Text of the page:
If you are in the vicinity of New Orléans, USA during the first week of February, it will be blasphemous to leave without attending the “Fat Tuesday”, known popularly as Mardi Gras. Brought to the American soil by early French Settlers, Mardi Gras is the season of beads, carnivals and king cake parties. This has traditionally been the time when the Christian season of Lent starts, and young belles came out of their homes at debutante balls amidst fun, frolic, and comic masquerading.
The Mardi Gras festivities in New Orléans are main concentrated on the Bourbon Street and the French Quarter. The parades originate in the Uptown Districts and pass through St. Charles Avenue and Canal Street.
The parades are organized by associations known as Krews. During the parade, the Krew members wear masks and exotic props and toss throw on the crowds of spectators; the most common things being string of colorful beads, doubloons and toys.
Inexpensive strings of beads are the most popular throws that are used by the parade goers. Starting with glass beads mostly made in Czechoslovakia, nowadays people have started preferring larger, brighter metallic beads complete with figurines. Some Krews have also started bringing custom limited edition beads like those found in beadsbarn. In spite of changing tastes of people, beads thus continue to symbolize Mardi Gras even today.
The weekend before Mardi Gras starts giving an indication for what is store in the week ahead. People start arriving and the population of New Orléans more than doubles in these days. The Thursday Night features an all women parade which has attained a cult following with its political themes and much sought after throws.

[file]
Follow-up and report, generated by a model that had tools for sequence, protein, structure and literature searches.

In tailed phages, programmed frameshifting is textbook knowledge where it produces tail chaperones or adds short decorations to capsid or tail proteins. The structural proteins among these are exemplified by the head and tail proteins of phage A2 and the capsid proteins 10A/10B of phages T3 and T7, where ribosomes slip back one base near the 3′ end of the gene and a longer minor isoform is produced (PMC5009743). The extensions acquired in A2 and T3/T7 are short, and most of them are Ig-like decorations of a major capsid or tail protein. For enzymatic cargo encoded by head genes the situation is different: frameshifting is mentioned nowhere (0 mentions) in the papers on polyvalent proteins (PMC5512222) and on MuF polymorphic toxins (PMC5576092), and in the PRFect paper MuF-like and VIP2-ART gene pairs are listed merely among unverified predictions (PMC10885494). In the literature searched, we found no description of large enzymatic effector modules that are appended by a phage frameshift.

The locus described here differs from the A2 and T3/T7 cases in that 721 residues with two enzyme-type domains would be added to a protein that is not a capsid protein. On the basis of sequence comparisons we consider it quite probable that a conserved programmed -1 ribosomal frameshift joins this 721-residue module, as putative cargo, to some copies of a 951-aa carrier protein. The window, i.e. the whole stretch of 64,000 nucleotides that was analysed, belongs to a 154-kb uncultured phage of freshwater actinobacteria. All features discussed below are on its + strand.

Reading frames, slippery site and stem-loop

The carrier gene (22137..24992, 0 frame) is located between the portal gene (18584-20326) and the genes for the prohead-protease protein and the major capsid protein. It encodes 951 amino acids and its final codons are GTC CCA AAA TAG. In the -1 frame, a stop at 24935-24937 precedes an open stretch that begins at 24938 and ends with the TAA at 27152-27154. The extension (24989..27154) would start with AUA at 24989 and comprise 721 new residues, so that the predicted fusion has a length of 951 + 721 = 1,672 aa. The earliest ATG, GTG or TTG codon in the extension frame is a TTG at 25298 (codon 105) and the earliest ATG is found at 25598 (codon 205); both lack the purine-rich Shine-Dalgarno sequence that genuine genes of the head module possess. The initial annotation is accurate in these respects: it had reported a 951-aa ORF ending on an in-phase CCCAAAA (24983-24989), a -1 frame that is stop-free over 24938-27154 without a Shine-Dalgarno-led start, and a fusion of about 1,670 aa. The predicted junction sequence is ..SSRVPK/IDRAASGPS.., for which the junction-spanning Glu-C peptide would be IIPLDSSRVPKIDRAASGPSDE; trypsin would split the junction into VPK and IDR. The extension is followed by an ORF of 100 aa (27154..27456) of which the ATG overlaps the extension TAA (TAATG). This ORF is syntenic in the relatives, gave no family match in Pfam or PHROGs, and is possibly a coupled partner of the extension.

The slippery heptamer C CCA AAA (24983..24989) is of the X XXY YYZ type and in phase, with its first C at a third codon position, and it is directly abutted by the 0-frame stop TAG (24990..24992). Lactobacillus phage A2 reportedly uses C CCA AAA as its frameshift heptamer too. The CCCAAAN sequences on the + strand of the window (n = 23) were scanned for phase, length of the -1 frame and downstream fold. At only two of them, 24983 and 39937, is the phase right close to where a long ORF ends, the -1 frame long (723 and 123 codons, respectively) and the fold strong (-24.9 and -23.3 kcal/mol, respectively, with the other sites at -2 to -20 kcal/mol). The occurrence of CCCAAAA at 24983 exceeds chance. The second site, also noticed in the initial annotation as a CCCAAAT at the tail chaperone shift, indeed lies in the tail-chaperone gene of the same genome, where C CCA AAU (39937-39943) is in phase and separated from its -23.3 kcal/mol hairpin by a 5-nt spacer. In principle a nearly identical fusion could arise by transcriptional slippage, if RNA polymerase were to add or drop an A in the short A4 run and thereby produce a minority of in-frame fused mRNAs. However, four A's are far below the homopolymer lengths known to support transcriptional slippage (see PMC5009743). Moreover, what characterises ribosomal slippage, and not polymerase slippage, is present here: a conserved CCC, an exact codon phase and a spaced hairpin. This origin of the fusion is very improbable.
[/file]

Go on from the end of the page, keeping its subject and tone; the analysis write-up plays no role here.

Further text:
The day before the Fat Tuesday is known as Lundi Gras (Fat Monday). The Krews arrive at the Mississippi riverside and the parade starts. This parade features Krewe of Rox and Krew of Proteus, one of the oldest krewes still performing.
The Mardi Gras day starts early with the Zulu parade marching through the Uptown followed by the Rex Parade. As both the parades end at the Canal Street, a number of smaller krews follow them. A number of other parades happen throughout the city and festivities continue from dawn to dusk with an electrifying atmosphere. The fun continues till the people are too tired to carry on any further.
So if you are new to America and live within travelling distance of New Orléans, makes sure that you are at the right place on the right time. Make your plans for the Fat Tuesday in 2013. You will not regret it. 🙂